Recognizing and treating depression in men
We all feel sad at times, but major depressive disorder, or clinical depression, is a serious mood disorder.
Depression affects a person’s thoughts, feelings, and actions, and causes feelings of sadness or hopelessness and loss of interest in activities once enjoyed. Depression can lead to emotional and physical problems, and a decreased ability to function at work and at home.
In 2020, 8.4% or 21 million adults in the U.S. had at least one major depressive episode. The prevalence was higher in women (10.5%) compared to men (6.2%). The number of men affected may be underestimated since men are typically less likely to seek help for depression.
“A major depressive episode is defined as a period of at least two weeks when a person experiences a depressed mood or loss of interest in daily activities, and has a majority of specified symptoms, such as problems with sleep, eating, energy, concentration or self-worth,” explains Dr. Robert Bauer, psychiatrist at the HopeHealth Medical Plaza. “Risk factors for depression in men can be a combination of genetics, environmental factors such as finances, work, relationships, or alcohol and substance abuse, and any medical condition such as heart disease, cancer or even a prolonged injury or surgery.”
Symptoms can be different in men and women. Women typically report feeling sad, worthless, or dealing with excessive levels of guilt or shame. Due to the social stigma about “masculine norms” associated with emotional symptoms in men, they are usually more willing to report physical symptoms including chest tightness, racing heart, headaches, erectile dysfunction, weight loss or gain, digestive problems, or pain. They may also report mental problems such as sleep disturbances or problems with concentration and memory.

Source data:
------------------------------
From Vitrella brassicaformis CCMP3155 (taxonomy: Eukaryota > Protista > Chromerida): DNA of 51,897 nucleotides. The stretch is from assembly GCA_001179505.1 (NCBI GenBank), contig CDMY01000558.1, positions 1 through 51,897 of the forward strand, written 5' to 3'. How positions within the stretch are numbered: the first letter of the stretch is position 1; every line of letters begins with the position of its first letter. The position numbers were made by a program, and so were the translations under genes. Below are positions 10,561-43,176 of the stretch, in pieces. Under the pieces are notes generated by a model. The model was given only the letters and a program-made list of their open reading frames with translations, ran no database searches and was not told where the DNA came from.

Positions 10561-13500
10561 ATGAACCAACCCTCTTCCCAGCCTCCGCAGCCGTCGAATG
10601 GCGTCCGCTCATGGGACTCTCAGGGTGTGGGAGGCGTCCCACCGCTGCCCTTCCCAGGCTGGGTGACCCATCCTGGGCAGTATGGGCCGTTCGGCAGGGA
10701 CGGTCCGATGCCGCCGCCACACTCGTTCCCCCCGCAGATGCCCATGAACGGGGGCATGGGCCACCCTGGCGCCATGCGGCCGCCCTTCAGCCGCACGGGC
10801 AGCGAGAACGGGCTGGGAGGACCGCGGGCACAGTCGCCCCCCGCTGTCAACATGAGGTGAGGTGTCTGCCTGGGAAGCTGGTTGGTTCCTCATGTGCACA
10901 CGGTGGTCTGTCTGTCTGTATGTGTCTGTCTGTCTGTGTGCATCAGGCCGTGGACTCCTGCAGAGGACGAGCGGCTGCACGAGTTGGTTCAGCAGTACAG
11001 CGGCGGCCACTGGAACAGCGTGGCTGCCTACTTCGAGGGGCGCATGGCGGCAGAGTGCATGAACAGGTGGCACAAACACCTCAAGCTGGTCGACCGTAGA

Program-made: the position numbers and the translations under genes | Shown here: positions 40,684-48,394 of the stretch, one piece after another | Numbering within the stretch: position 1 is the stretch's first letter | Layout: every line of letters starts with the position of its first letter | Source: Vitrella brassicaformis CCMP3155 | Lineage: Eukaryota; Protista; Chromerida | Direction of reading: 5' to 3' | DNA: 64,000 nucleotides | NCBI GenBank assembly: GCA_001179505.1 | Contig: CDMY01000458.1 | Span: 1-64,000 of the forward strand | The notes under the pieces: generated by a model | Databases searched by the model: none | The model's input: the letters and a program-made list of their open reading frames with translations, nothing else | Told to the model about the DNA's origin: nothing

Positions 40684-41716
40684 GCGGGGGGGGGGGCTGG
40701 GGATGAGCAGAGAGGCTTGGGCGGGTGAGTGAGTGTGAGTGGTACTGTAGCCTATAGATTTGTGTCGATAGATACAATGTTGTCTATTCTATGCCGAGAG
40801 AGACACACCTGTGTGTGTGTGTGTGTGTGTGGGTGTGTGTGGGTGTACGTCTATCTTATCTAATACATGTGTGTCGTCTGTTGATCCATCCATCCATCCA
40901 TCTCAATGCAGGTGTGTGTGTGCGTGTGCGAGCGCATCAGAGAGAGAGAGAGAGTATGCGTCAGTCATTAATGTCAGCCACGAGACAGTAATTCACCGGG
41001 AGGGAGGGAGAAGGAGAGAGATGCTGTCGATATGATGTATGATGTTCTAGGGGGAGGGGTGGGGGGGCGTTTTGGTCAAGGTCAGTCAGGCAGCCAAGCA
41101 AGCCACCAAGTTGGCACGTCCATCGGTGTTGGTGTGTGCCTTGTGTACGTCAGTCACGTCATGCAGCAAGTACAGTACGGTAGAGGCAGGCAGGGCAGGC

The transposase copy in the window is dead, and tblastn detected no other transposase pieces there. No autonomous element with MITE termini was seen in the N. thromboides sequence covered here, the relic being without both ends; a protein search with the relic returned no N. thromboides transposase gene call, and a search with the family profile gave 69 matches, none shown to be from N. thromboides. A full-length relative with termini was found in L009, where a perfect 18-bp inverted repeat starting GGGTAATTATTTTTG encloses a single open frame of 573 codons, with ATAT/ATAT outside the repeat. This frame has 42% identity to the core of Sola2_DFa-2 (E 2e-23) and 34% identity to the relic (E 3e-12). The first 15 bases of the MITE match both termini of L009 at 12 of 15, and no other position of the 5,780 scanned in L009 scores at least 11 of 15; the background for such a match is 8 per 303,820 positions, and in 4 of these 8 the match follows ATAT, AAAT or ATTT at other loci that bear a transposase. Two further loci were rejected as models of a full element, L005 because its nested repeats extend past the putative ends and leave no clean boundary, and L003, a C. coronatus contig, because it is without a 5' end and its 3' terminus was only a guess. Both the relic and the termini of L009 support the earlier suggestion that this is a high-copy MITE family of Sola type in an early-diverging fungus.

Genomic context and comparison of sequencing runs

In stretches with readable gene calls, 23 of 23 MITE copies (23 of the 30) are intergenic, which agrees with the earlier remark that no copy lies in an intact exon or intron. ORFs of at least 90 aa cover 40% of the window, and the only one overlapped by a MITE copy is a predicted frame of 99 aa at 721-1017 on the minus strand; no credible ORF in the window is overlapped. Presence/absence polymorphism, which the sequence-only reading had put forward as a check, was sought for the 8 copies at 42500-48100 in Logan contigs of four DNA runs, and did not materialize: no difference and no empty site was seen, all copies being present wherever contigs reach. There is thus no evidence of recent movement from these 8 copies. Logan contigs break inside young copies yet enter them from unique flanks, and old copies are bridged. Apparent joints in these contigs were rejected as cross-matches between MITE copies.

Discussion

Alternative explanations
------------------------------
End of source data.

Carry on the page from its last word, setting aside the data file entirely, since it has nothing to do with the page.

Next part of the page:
At home, men may also show excessive anger, irritability, self-destructive behaviors such as gambling, substance abuse or overworking. These symptoms can mask depression, making it harder to detect or treat.
Often men do not admit there is a problem and do not seek out help. If left untreated, personal, family, and financial problems can arise, with suicide four times more likely in men than women. Chef Anthony Bourdain and comedian Robin Williams are both victims of suicide from major depressive disorder in recent years.
“For men, family members are often the ones who first recognize their loved one is depressed, and encourage them to get help,” explains Dr. Bauer. And while often men are resistant to seeing a provider for a mental health problem, framing therapy as a meeting instead of a session and setting goals and strategies, rather than treatment, can help change the stigma of counseling that some men may have. “The good news,” Dr. Bauer encourages, “is major depression is among the most treatable of mental disorders and up to 80-90% respond well to treatment over time.” With medication and counseling-developed strategies such as coping skills, self-care, and finding relational support, men can get help and return to living a full life.
If you suffer from depression or a mood disorder, reach out for help. Contact your provider and let them know your concerns. If you don’t have a provider, consider becoming a patient at HopeHealth, where health care and counseling services are offered with an integrated care model, to treat the whole person. Find us online at hope-health.org or call 843-667-9414.